Two 2018 Nissan Leafs with EVgo fast charger at NJ Turnpike Molly Pitcher travel plaza, Feb 2018
A new survey of Northeastern drivers suggests the demographics of future electric-car buyers in that region may evolve from the Baby Boomers who’ve bought most of them so far to Millennial buyers who see them as an inevitable part of a tech-focused lifestyle.
Released Thursday at the New York Auto Show, the survey showed that at least some portion of all demographics believe electric cars will become a more important segment of the U.S. car fleet. Beyond that, however, differences in acceptance, attitudes, and worries emerge:
Positive indicators electric cars are here to stay - ZEV Mediagenic Online Survey, March 2019
Together with California and Oregon, Northeastern states have pledged to add millions of plug-in cars to their roads by 2025, according to an eight-state pact signed in 2014. It’s all in the name of reducing greenhouse-gas emissions, but the Northeast’s share to date of those 3.3 million battery-electric and plug-in hybrid vehicles has lagged severely.
With just six years left to reach the plug-in goal, 16 carmakers have allied with seven Northeast states to encourage electric-car purchases via a campaign called “Drive Change, Drive Electric.” Now in its second year, the group spent much of the past year surveying the attitudes of drivers in the region.
Among other results, the survey also found the following:
Charging station availability is primary concern - ZEV Mediagenic Online Survey, March 2019
The 10-minute online survey conducted in March covered licensed drivers 16 and older in seven Northeast states. The pool of respondents was adjusted to be proportional to each state’s population.
Incentives a primary motivator for electric-car purchase - ZEV Mediagenic Online Survey, March 2019
Online surveys such as this one can lack nuance and the ability to dig more deeply into the findings. One question the survey didn’t ask might have addressed the level of awareness among respondents that the vast bulk of electric-car charging happens at home, overnight, or during the daytime at work.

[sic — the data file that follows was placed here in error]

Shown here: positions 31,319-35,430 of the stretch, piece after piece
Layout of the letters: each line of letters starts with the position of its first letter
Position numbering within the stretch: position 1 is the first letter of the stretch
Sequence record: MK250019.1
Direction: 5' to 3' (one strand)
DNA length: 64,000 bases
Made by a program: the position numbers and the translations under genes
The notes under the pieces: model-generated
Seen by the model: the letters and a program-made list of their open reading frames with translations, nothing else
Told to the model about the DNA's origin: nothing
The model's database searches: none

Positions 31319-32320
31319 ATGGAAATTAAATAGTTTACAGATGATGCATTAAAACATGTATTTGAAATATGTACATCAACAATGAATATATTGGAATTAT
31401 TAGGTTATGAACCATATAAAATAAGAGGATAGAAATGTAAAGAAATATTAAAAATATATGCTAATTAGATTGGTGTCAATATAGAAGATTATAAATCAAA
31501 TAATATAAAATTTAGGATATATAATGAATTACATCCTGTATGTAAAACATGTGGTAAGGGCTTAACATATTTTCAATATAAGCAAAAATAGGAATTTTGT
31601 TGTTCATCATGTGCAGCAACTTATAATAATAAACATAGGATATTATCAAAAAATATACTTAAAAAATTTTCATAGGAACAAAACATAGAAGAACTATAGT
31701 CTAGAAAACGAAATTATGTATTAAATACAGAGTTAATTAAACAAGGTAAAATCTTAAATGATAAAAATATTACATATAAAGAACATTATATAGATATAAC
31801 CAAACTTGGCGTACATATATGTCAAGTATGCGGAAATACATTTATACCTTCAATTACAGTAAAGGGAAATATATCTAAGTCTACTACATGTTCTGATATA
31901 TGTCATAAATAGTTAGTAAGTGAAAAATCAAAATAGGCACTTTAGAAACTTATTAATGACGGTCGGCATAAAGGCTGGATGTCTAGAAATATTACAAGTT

Another might have been the degree to which respondents felt they knew how to locate public charging stations, whether through mapping software, dedicated apps, or other methods.
Talk to California?
Still, many of these concerns have been broadly known for years—especially in California, where roughly half of all cars with plugs have been sold to date in the U.S.
In an interview, we asked Julia Rege, senior director for environment and energy at the Association of Global Automakers, whether the group had spoken to its California counterparts on lessons learned and best practices for approaching consumers.
“We weren’t completely surprised,” she acknowledged, at some of the broad themes, issues, and impediments that emerged. But, she said, the age differences in attitudes were a surprise, indicating that the early-adopter profile—older, wealthier, largely male—won’t necessarily fit the EV drivers of the future.
Driving range of electric cars a perceived drawback - ZEV Mediagenic Online Survey, March 2019
Rege also noted that data specific to Northeastern drivers didn’t exist, which led the group to conduct its survey—so recommendations could be regionally tailored if necessary.
Electric cars = iPhones
Another finding, not covered in the presentation but discussed during our interview, indicated that a broad array of younger drivers are driven by technology. While the affluent Boomers who bought electric cars to date included lots of tech early adopters, the central role of smartphones in younger drivers’ lives makes tech increasingly important to their everyday lives.
2013 BMW i3 Electric Car Smartphone App
Electric cars, Rege suggested, are viewed as new and more advanced technology. This could mean marketing campaigns that don’t necessarily talk about carbon reduction or the performance of the cars, but tie them to a tech-centric lifestyle.
We’d add that smartphone apps for most electric cars now provide remote climate conditioning when plugged in, regulate charging time, and offer data on the car’s battery state at any time—all demonstrations of advanced technology not offered today on most cars with combustion engines.
With survey data in hand, the group hinted, a marketing effort appears likely to launch fairly soon. Our interviewees were circumspect, but suggested that such a campaign might center around a softer presentation of “the EV lifestyle” to underscore the idea that charging stations already exist.
Along with the performance attributes of electric cars—acceleration!—such a campaign might highlight the fun factor of driving them. “Don’t tell me what to do, show me my options,” was the Millennial attitude summarized by Sarah McKearnan, senior policy advisor for NESCAUM, the Northeast States for Coordinated Air Use Management.
Stay tuned on that front, clearly.
The seven states taking part in the “Drive Change, Drive Electric” campaign are Connecticut, Massachusetts, New Hampshire, New Jersey, New York, Rhode Island, and Vermont. The automakers are BMW, Fiat Chrysler, Ford, GM, Honda, Hyundai, Jaguar Land Rover, Kia, Mazda, Mercedes-Benz, Mitsubishi, Nissan, Subaru, Toyota, Volkswagen Group, and Volvo. Many are members of the Association of Global Automakers, a trade and lobbying group based in Washington, D.C.